can help with the late season question of what to do with all those
eggplants and squash. For the less fortunate (such as myself), whose
summer plants are going out with a whimper instead of a bang, maybe her
recipe for pickled beets
is more helpful!
|Tuesday, October 11, 2011
Recycling in the Food Service Industry
Creative recycling can represent substantial savings (photo by Nick Wheeler)
Led by Dave Nash, VCS recently undertook an island-wide survey of recycling efforts. In this installment of a six-part report, Dave looks into recycling by restaurants and caterers:
One of the groups we definitely wanted to feature with this survey was
the food service category. Our restaurants and caterers have huge waste
management issues representing a considerable business expense.
Restaurants generate almost every conceivable waste type: cardboard,
glass, plastic, paper, food scraps, and spent cooking oil. The survey
results showed that much of what you would expect is being recycled at
most establishments. Corrugated cardboard from incoming shipments is a
commonly recycled item and accounts for considerable volume. Food
storage containers (glass, metal cans, plastic) did not seem to be
routinely recycled, especially for those businesses which did not
feature take out. The reasons cited for this were usually lack of space
and available time to do the sorting. Cross contamination was an issue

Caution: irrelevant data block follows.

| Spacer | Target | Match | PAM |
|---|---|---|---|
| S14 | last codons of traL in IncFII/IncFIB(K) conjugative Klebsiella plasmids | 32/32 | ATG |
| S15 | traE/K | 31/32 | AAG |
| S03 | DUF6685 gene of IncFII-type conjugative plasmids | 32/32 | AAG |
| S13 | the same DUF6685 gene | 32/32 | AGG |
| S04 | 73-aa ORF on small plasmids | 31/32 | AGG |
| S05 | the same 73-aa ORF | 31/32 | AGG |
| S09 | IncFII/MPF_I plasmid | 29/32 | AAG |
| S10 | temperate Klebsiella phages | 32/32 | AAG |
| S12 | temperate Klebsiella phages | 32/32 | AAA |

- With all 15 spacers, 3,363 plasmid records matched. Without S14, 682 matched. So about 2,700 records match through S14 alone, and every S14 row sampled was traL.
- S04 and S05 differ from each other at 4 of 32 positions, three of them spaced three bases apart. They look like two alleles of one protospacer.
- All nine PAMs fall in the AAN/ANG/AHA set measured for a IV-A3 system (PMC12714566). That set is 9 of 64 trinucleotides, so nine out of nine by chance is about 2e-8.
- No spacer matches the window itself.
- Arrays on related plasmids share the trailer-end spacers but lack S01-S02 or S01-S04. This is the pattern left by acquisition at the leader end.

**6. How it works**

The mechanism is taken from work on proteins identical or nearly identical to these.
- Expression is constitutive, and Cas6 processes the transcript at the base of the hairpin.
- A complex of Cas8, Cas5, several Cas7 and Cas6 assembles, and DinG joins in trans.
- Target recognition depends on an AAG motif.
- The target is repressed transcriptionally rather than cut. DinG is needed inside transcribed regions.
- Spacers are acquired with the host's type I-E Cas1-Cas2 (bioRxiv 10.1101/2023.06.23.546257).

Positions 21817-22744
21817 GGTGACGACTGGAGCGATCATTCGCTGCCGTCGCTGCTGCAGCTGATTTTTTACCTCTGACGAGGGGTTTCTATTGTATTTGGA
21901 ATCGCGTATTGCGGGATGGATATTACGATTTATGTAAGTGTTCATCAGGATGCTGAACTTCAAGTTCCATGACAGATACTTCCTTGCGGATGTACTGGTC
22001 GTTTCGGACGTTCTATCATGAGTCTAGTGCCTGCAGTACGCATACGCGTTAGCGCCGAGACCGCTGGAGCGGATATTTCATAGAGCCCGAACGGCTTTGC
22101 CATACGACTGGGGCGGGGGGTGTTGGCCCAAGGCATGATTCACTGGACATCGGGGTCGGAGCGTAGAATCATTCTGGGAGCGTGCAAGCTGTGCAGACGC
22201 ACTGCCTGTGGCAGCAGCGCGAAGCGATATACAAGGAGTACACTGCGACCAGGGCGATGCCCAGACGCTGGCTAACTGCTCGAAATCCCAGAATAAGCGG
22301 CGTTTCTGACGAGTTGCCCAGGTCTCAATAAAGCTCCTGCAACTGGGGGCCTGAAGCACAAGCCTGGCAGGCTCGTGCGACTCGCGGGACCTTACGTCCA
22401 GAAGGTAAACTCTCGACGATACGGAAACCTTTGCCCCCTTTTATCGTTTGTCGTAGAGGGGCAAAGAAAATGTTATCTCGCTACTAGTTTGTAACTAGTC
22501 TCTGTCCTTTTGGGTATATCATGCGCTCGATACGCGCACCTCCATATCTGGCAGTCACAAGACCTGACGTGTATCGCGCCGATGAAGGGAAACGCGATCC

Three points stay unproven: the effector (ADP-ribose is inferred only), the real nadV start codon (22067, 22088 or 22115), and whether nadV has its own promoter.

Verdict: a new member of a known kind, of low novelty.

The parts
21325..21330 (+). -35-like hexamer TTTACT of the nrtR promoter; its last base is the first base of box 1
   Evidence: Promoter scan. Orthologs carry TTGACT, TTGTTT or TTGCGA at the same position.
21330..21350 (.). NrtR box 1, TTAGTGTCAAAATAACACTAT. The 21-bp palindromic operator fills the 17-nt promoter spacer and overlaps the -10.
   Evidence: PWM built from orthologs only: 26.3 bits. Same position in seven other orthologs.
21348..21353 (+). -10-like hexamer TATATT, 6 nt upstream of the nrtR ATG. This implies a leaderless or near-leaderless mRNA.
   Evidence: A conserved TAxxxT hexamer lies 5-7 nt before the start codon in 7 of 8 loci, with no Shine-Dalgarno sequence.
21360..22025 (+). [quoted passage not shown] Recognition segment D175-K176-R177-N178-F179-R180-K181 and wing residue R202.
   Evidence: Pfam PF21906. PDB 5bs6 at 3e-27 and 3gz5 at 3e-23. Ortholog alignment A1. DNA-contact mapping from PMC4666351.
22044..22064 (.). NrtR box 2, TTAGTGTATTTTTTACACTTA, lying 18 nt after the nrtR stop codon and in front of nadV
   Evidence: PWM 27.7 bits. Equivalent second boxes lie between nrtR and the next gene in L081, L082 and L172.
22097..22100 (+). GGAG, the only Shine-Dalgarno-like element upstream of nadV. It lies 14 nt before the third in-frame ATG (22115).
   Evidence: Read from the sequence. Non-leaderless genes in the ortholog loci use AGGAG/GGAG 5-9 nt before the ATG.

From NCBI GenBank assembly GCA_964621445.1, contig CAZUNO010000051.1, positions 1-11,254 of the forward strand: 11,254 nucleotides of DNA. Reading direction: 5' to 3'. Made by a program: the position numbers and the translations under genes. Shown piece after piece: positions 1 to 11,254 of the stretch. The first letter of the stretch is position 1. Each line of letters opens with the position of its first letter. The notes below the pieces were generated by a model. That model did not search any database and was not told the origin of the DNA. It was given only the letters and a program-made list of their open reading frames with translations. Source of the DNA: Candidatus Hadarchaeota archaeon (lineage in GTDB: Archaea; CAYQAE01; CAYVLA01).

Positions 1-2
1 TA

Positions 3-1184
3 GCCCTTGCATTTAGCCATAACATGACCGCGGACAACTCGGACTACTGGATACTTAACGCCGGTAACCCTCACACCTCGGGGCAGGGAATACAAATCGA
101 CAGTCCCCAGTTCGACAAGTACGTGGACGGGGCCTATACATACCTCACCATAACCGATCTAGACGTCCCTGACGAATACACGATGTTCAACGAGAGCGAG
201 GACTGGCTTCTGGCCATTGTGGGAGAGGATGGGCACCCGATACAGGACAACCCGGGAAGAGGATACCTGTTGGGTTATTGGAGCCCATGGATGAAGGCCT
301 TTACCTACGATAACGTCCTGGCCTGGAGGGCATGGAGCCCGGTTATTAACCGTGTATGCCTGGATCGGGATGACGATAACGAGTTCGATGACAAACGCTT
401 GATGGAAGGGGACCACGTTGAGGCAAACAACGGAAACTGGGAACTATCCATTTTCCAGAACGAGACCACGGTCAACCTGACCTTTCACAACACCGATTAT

for some as was the whole issue of adding to their skunk problem.
Sharky’s Cantina, at the time of the survey, was donating beverage
containers to a local scout group as part of a fundraising drive. These
are fairly common methods of dealing with deposit containers and posting
the fact that beverage containers are being recycled to benefit a
charity might provide some incentive for customers to be more careful
about where they place the recyclables. (Continued at VCS website
Geoengineering Comes out of Hiding
Simple "climate machines" could help fight global warming
The use of technology to combat climate change (aside from emissions
reduction), is most commonly referred to as geoengineering. Ideas about
increasing uptake and storage of carbon dioxide or decreasing the amount
of solar energy reaching the Earth’s surface, ranging in scale from
painting rooftops white to placing giant mirrors in orbit, are not
necessarily new, but they may be about to receive a bit more attention.